And as it turns out, a lot of customers are realizing the applications, they were optimized for the wrong environment. They faced the question of what solution is best for them, and they kind of end up in this situation of taking a look at what do they do. Do they refactor their apps? And that can help them operate best in the environment they’re in. The challenge they face with that is if you’re going to refactor or rewrite your apps, then you’re taking really valuable development resources and instead of building new value for an organization, you’re essentially rewriting value you already have that works. And so it’s a very expensive option that not a lot of folks want to jump into.

They could repatriate them, like you mentioned, and then in some cases it’s not even repatriating. They may actually be moving out of a public cloud and just moving that into a colo facility, say for instance, where they never actually had a data center to begin with. But some folks say, “Hey, the right thing to do is actually move it back. That makes sense for us,” or in other times, they may just resign themselves that it’s a new reality and they live with the current state because they’re focused on other things.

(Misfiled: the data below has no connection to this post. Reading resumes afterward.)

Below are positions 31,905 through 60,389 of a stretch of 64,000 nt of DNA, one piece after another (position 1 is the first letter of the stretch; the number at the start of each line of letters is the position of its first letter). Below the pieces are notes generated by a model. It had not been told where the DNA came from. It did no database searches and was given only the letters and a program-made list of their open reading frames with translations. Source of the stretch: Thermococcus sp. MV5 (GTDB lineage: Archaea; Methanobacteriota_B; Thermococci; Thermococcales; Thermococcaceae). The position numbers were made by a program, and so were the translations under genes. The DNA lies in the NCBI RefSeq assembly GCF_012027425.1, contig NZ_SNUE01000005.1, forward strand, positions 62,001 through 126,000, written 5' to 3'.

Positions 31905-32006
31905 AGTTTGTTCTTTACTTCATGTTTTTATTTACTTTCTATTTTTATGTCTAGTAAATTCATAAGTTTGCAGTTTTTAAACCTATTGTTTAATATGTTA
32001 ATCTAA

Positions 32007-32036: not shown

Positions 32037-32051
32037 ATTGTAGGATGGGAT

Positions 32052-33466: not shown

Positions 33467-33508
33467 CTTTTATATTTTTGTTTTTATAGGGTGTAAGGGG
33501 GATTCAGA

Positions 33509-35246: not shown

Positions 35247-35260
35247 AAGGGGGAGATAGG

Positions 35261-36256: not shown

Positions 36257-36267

So there isn’t really one answer, but we find is when people are talking to us about repatriation, when they do bring that up, we find the things that pop for that are really around security concerns, like how much can they actually control, who accesses the data, where is that data located, what controls do they have over that, and they also tend to talk to us about cost. And cost tends to flag a lot because when we’ve talked to folks and we’ve worked with them, we see them saving somewhere between 40 to 60% in general on infrastructure costs, and that tends to be a number that opens eyes and makes people say, “Hold on, maybe I need to look at this.”